1 Answer | Add Yours
First let me talk about its structure. Even if you are not a fan of poetry or Shakespeare, you can admire the craftsmanship with which he wrote his sonnets. Because it is a sonnet, it is a 14 line poem. That's mandatory. Depending on the sonnet type, rhyme scheme can vary, but a Shakespearean sonnet has the following rhyme scheme: ababcdcdefefgg. That scheme will break the poem into three quatrains followed by a couplet. The meter will be iambic pentameter. That means each line has 10 syllables. That's amazing to me that poets can do that. It's even more amazing that they can follow an unstressed/stressed pattern within each line. And rhyme!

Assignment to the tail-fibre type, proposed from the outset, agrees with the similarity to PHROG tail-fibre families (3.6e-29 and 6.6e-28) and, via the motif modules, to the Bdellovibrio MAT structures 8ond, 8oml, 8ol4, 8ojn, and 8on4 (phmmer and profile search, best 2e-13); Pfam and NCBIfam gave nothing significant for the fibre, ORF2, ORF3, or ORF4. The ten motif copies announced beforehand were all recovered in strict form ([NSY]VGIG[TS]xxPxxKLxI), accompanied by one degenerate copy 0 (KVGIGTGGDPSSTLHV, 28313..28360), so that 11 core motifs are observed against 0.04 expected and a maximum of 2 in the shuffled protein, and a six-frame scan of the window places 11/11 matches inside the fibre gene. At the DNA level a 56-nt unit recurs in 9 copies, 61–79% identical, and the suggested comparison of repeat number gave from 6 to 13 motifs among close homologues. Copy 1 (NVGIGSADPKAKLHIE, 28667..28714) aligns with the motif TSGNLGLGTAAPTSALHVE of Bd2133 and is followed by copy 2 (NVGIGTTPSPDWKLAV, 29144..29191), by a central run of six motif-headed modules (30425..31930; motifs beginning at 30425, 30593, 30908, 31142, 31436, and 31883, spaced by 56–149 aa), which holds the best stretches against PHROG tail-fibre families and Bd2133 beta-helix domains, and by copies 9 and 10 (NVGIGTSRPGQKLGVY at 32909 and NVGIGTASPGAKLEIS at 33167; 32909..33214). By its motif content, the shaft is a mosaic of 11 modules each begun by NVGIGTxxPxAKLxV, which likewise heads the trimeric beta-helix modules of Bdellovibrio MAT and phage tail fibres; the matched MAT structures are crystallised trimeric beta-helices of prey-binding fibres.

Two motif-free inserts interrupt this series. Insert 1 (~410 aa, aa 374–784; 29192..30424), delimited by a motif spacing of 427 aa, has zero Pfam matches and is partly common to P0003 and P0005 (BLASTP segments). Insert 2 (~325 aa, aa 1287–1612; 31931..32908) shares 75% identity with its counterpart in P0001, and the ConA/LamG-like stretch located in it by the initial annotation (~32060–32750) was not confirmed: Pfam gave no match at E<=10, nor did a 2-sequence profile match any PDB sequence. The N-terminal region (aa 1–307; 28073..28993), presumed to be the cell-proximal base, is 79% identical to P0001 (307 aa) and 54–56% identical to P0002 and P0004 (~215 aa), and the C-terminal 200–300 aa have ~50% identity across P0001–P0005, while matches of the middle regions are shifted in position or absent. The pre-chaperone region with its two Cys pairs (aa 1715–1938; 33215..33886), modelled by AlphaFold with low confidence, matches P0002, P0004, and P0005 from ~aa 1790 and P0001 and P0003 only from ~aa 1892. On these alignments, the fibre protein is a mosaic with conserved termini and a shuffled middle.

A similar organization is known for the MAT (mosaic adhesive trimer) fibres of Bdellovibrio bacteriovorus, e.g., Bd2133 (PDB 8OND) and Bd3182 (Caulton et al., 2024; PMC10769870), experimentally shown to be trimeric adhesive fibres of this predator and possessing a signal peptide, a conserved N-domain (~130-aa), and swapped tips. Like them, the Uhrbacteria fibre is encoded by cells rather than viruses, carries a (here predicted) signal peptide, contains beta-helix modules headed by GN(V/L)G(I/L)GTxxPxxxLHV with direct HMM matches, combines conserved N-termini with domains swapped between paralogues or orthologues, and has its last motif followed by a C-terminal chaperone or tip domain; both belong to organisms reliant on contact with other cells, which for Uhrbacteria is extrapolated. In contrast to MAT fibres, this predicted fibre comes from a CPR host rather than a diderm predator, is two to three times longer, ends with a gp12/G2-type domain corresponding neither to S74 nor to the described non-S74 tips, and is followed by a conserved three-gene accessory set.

The poem itself is about Shakespeare comparing his beloved to a summer's day. Well, actually he spends quite a bit of time writing about why summer isn't all that great. It's hot, it's windy, and it ends too quickly. He tells his beloved that she is much more tempered than the crazy summer. Shakespeare then goes on to write that even though summer will fade, his beloved's beauty will never fade like summer does. In fact, her memory and beauty will live on forever. At least as long as people can read anyway, since he wrote about it in this sonnet.
"So long as men can breathe, or eyes can see,
So long lives this, and this gives life to thee."
We’ve answered 318,913 questions. We can answer yours, too.Ask a question